JT What's on my wish list? Well that's a loaded question. :) Two things come to mind. First, I wish Stellarvue continued success producing world class instruments. Secondly, I’m seriously considering ordering a Stellarvue SVX152T in the near future. I’m fortunate to have been able to test one of the early prototypes and I think the combination of being able to image with a high-resolution instrument and at multiple focal lengths opens up so many cool imaging opportunities. Just have to save a few more pennies :)) ( UPDATE: Several weeks after this Q&A session, Jon made one of his wishes come true by ordering his new SVX152T .)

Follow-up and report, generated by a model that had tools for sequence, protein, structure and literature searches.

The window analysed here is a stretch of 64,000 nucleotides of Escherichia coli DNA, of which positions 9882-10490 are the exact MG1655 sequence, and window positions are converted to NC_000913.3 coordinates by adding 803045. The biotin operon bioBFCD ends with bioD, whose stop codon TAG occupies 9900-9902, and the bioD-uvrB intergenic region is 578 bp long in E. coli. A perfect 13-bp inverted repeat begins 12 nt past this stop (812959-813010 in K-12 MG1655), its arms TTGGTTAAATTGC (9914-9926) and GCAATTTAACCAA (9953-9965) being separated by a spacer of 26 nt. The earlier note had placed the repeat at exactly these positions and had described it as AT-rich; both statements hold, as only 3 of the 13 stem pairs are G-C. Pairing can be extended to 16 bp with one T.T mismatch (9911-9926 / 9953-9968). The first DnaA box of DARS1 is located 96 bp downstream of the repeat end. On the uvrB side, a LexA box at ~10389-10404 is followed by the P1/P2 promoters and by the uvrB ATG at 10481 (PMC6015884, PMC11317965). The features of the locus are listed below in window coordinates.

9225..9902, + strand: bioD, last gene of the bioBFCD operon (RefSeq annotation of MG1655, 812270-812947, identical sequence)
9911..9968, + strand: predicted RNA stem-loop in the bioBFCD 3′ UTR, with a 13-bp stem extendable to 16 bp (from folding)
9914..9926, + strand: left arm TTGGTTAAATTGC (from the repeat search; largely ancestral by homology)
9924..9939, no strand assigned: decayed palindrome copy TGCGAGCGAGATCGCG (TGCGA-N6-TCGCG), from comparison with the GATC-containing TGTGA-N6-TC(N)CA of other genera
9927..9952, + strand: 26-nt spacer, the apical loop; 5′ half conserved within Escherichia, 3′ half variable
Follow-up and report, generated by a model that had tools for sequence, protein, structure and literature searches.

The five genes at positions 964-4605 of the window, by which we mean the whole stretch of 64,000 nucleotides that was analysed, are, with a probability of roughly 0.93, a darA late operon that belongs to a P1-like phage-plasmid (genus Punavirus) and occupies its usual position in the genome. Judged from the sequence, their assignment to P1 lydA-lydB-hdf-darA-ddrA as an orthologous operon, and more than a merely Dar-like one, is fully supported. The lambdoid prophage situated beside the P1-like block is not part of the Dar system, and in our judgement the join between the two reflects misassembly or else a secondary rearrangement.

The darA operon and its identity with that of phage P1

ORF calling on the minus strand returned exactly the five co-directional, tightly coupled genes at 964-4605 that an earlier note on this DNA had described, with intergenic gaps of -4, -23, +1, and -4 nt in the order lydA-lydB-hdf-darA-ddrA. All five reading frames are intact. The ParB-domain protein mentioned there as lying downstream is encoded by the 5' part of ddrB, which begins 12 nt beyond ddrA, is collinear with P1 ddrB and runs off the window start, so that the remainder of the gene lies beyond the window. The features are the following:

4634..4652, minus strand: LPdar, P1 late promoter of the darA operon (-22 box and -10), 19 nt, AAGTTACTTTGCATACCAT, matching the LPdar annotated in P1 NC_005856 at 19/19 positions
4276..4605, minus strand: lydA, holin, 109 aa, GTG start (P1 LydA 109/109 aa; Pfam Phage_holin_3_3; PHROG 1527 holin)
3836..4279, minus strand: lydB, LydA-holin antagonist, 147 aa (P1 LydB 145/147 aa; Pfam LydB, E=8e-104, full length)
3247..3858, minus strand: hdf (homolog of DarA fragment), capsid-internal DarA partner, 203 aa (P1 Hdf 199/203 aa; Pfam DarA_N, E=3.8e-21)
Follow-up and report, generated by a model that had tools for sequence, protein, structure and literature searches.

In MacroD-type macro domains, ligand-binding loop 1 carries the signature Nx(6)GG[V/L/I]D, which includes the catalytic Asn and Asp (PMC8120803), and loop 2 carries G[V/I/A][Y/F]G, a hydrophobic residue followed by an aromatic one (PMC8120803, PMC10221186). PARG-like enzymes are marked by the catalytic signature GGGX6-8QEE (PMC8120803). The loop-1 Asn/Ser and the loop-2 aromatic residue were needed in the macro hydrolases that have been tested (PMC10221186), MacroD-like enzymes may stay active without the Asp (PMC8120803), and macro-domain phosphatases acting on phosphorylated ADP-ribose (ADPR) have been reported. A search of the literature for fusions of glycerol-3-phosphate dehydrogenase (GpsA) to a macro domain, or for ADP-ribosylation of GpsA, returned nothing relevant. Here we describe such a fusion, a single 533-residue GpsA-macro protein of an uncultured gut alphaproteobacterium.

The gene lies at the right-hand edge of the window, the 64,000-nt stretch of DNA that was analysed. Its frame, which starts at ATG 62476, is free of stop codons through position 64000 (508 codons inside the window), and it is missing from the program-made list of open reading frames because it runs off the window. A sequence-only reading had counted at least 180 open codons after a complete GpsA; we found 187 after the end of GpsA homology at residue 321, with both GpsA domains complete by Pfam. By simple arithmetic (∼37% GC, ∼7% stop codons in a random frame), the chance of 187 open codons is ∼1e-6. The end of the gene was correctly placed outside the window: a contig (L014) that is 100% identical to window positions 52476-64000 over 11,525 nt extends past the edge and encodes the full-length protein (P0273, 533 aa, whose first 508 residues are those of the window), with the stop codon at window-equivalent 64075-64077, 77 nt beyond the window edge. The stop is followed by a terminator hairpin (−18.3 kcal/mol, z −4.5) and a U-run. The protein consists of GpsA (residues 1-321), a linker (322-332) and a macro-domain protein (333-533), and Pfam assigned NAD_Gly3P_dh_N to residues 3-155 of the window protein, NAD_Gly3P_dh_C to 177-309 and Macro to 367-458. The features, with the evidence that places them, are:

We want to thank Jon for taking the time to answer our questions, and allowing us to share with the Stellarvue family. We hope you enjoyed what Jon so generously shared with us about his passion and love for the night sky. You can see more of Jon's work on his website at www.starscapeimaging.com/